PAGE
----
Siemens is also carrying out an excess energy storage project in Canada, aiming to build a virtual power plant where buildings become part of a distributed power plant. If it works out, one or two coal-fired power plants won't need to be built. We will be able to integrate the buildings into the city’s electricity, gas, water, and heating network.

Siemens is also carrying out an excess energy storage project in Canada, aiming to build a virtual power plant where buildings become part of a distributed power plant. If it works out, one or two coal-fired power plants won't need to be built. We will be able to integrate the buildings into the city’s electricity, gas, water, and heating network.

In Siemens’ presentation video, Jon Lester also presents the operation of the systems within smart buildings, and gives an example of searching for a parking spot in the building’s garage with the help of a time-saving application. It seems that such a system would not do well in case of a power outage, which would probably even prevent entry into the building. What kind of back-end systems will there be in case of potential outages or even blackouts which energy experts have been warning us about in light of the uncoordinated planning of electricity grids and the growth of renewables and e-mobility (MORE)?

It is exactly these new technologies and dynamic grid management that provide for a stable network. If a building is both the consumer and the producer of the energy and perhaps even has its own storage, while also being integrated into the grid, the chance of a power outage is relatively low. On the other hand, the security systems that ensure the necessary evacuation and other urgent procedures are planned and implemented in a way that ensures smooth operation even in the case of an outage.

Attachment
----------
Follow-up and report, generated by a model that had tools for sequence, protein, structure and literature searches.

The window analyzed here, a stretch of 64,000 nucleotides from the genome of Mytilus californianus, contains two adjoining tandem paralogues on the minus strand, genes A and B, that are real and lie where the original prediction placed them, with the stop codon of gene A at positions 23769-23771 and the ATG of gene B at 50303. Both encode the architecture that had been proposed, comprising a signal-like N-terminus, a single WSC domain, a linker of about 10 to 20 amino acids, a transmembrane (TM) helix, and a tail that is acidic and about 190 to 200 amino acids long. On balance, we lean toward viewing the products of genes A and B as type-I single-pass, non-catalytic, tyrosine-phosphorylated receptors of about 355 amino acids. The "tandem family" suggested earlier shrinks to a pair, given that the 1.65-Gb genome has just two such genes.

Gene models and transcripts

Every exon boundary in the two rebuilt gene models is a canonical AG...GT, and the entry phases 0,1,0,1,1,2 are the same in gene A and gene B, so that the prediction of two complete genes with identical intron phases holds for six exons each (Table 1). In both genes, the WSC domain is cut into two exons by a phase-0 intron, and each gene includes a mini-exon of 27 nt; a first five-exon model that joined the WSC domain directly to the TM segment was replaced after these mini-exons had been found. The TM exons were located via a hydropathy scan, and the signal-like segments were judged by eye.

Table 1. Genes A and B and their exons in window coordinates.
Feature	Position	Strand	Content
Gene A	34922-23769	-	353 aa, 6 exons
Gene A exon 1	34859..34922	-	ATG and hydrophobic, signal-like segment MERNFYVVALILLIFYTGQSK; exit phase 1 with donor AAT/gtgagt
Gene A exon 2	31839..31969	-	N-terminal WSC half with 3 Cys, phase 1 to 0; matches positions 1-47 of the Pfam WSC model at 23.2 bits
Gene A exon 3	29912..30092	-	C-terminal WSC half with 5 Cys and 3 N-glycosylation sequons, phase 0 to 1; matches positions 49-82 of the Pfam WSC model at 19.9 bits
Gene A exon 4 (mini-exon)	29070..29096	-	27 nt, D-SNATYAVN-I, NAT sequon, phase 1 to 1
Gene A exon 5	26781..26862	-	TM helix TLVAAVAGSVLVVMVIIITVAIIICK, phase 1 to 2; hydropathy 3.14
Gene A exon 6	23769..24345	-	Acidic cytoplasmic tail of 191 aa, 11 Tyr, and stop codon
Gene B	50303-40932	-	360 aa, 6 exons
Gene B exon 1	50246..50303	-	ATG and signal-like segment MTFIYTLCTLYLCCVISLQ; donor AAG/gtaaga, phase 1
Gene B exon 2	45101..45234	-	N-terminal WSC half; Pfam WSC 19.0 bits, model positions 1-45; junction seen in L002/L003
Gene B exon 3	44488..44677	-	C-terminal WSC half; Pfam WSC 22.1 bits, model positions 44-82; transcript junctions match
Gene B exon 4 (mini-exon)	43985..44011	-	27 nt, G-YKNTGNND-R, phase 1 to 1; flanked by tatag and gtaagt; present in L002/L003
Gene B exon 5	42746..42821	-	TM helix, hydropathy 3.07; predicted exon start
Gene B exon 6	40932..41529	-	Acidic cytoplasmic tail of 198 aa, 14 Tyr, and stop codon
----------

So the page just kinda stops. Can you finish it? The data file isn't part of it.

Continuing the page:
It is exactly these new technologies and dynamic grid management that provide for a stable network.

viennaThe crucial part of the Siemens Campus Microgrid project, which is currently taking place at the Siemens Austria office building in Vienna, is the microgrid controller, which acts as the central unit. This smart microgrid controller centrally orchestrates the connected assets and optimizes the power supply to take account of peak loads and grid capacity utilization, in addition to other influencing factors related to independent generation. The microgrid also incorporates the Desigo building management system, which can adjust the heating supply in the main building during peak load periods: for example, to optimize the power that the overall complex draws from the grid. With this unique connection to the infrastructure of an existing industrial firm and the combination of PV, battery storage, a microgrid controller, load control, and optimized charging solutions for electromobility, Siemens has created a model for a comprehensive smart system to optimize the management of energy and heating.

Lester also explained that smart buildings will be part of a broader infrastructure, including e-mobility, allowing the connected systems to function as effectively as possible. So where do we start? What is the sequence of events when it comes to designing these broad smart environments – do we start with the architectural, the engineering part, or do we need to wait for the (network) operators to provide the basic environment represented by the energy, IT, and finally the road network?